It was around 9 p.m. when I arrived at The Lido, already brimming with people drinking and chatting in the cozy, antique-clad East Van venue for Jay Arner and Supermoon’s show to kick-off their national tour.
The friendly crowd of mostly mid-twenties to late-thirty-somethings seemed to know each other already for the most part, making me feel as though I had crashed an intimate going-away party for the bands, as opposed to a free-of-charge concert. However, despite initial feelings of being an outsider, I got comfy once I was two Fat Tugs deep,bumped into some pals and made others. My friend who had just moved from Halifax joined me, as well. I was excited that her first concert as a Vancouver resident would feature such incredible local bands, both of whom having recently released records — Supermoon’s Playland and Arner’s Jay II —that were featured heavily throughout the show.
It was about 10:20 p.m. when Supermoon climbed onto the wooden stage to greet the intimate crowd. With the venue’s characteristic projections colouring bassist Adrienne LaBelle and guitarist Alie Lynch with rainbow video game animations and stock footage of old-timey cars drummer Selina Crammond and guitarist Katie Gravestock were left in the dark.
Supermoon’s side smiles and moody, fuzzy surf pop made listeners want to skip around and giddily sway whilst simultaneously head bang. Basking in their sweet, sweet tunes brought the peaceful rosy-cheek smiling emoji to mind. Mid-set, Lynch and LaBelle abruptly switched places and instruments, resulting in a few bumpy moments, which adoring audience members seemed quick to forgive.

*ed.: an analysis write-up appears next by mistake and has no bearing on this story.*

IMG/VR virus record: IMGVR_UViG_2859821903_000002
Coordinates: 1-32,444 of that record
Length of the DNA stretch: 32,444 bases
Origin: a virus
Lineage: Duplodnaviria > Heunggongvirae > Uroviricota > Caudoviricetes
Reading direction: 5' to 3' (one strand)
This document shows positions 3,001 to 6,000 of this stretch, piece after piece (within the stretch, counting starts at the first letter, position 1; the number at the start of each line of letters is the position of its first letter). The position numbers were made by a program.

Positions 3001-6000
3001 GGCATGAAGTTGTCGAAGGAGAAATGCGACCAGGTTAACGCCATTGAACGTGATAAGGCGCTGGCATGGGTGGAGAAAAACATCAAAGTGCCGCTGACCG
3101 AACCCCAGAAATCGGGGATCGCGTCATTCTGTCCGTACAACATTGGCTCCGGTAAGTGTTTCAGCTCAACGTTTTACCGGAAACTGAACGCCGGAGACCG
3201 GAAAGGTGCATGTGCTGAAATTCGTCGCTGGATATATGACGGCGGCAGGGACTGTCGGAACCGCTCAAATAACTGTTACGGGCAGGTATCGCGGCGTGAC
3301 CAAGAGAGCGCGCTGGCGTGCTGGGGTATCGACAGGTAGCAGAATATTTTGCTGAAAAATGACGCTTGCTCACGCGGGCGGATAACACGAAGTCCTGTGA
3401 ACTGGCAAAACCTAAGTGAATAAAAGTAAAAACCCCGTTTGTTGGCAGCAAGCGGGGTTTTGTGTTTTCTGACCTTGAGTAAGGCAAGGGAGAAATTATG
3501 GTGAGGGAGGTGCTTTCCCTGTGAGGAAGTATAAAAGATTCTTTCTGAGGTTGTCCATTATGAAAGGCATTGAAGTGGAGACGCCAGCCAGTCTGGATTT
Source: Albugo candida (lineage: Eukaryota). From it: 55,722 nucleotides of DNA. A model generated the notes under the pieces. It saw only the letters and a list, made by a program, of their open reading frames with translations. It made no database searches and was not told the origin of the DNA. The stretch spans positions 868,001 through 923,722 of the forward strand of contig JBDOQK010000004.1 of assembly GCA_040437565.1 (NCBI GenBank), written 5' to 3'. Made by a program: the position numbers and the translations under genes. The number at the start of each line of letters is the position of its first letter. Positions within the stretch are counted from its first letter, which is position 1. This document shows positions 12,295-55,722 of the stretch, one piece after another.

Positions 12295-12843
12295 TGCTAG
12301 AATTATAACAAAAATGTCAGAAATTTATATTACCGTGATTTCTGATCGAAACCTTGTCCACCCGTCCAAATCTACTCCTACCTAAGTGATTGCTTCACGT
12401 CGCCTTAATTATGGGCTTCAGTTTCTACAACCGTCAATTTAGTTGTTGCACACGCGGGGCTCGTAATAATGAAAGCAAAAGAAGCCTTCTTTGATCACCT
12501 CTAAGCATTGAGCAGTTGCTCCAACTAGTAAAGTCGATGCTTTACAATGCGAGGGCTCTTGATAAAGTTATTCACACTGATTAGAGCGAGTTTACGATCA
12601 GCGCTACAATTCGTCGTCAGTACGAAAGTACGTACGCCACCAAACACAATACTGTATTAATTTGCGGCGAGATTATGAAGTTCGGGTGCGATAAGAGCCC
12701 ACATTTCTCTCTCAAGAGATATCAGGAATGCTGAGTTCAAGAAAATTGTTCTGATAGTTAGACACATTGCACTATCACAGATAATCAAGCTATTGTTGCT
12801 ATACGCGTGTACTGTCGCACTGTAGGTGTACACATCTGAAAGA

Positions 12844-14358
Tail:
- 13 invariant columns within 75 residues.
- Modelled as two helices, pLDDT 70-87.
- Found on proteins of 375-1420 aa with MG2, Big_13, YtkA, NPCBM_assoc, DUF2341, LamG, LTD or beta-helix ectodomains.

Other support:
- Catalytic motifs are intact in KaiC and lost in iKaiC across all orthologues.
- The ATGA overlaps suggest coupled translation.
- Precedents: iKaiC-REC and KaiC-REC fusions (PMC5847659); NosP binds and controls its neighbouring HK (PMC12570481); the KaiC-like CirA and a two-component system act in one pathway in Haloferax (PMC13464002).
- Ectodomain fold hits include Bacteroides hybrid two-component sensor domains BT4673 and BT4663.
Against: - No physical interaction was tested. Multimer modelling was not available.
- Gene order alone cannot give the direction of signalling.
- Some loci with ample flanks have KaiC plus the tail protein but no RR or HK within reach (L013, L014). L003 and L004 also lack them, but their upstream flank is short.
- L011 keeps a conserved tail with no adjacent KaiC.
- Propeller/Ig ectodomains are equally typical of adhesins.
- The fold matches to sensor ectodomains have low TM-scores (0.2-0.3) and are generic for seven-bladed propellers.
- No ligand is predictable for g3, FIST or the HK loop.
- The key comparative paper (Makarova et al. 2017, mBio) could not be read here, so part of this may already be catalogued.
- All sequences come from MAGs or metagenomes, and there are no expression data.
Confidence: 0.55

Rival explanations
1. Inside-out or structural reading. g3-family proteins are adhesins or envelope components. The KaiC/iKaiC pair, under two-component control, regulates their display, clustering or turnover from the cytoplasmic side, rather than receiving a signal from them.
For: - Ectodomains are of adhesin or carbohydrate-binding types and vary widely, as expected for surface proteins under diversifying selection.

LaBelle, who plays in both bands, got back up on stage a bit later to play bass and sing backup for Jay Arner.
Arner draped himself over the mic at the stage’s most left corner, with his bandmates LaBelle and Jessica Delisle, both of whom are at least a foot shorter than him, comfortably taking up most of the stage. If you’ve ever wondered what it would sound like if Tame Impala was stripped down, and had their their sensitive older cousin start writing for them, check out Jay II. His heartfelt and personal lyrics delivered alongside synthy, lo-fi pop rock left audience members feeling weirdly upbeat and sometimes sad. They played a gentle, punchy set, leaving audience members in a pool at the front, dancing along with their wavy and hypnotic melodies.
The show ended like it had began — dreamily and with an oddly aloof nature, despite the hometown crowd. Arner’s band vanished with grateful smiles and a sincere “thank you,” and the audience immediately peeled away from the stage, leaving it empty and washed in the fading projections.